a great defaulter. For having procrastinated the composition till I was unable to complete it in time, I dared not face the College with a fair confession of the fact, but absented myself, to the considerable inconvenience and disorder of the assembled fellows; and this offence being overlook'd, on condition, of a better performance, my production was not such, either as to quantity or quality, as to give satisfaction.
I cannot deny moreover that in two or three instances, I drank somewhat too freely, so as to be visibly disorder'd on my return home--but not so as to produce any deprivation, either mental or bodily, of the power of directing my own words, and actions: two of these instances occur'd at passing parties of my own Pupils; the other, which has been much dwelt upon, arose from my thinking (perhaps erroneously) that I was bound in civility not absolutely to refuse a stranger, who had just taken his Master's degree. As I was not previously acquainted with this man, who, it seems, had not acquired the favour of his superiors while an Undergraduate, my remaining with him, and drinking more certainly than was prudent, has been adduced to prove a love of liquor, and predilection for improper Society. I can only reply, and that with heartfelt confidence, that it was nothing but a fear of seeming inhospitable that prevented me from declining the introduction of more wine after the other fellows had left the Common-room, and that whatever I drank myself--was solely from compliance with what I conceived to be politeness; in fact, my offence was, the not having fortitude enough even tacitly to reprove another. As to my inviting him to dine with me next day, it arose from a mere compliment on my part, which he understood so, as to lay me almost under a necessity of paying him that attention. Of his character I knew nothing--this doubtless made my behaviour towards him imprudent, but I leave you to judge how far the above-mentioned inference from it was fair or candid. In no instance did I continue drinking after I felt myself sensibly affected, nor did any of the cases I have spoken of occur till after I had that conversation with Mr. Whately, in which I denied intemperance to have been the cause of late hours, or College irregularities.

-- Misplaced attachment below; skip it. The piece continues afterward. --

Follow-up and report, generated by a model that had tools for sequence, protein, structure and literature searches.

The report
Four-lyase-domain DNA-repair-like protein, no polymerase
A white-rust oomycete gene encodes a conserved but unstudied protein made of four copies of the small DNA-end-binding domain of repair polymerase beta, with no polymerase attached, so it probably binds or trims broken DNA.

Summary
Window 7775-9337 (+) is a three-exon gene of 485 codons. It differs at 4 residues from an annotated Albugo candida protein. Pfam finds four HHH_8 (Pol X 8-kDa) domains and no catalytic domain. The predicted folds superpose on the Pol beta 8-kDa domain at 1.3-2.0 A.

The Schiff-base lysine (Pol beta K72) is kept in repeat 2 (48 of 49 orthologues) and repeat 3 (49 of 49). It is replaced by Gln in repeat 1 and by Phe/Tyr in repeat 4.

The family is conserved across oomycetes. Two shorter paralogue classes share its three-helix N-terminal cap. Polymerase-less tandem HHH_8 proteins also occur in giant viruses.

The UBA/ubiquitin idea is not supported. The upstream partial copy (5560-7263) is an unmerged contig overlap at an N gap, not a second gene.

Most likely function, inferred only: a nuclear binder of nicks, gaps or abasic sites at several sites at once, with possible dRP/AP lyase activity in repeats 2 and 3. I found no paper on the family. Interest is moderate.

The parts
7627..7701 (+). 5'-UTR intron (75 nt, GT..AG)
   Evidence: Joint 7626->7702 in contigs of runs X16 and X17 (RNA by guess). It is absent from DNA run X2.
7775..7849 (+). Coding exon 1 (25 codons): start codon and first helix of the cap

[Letter breaks off thus.]
This fragment of a letter in SAMUEL TAYLOR COLERIDGE's handwriting, addressed to the WARDEN OF MERTON COLLEGE, was apparently drafted by Coleridge for Hartley's use in formulating the preceding letter.
[ December, 1820.]
. . . to put you in possession as fully as it is in my power to do, of the relation in which I stand at present to my Electors, and in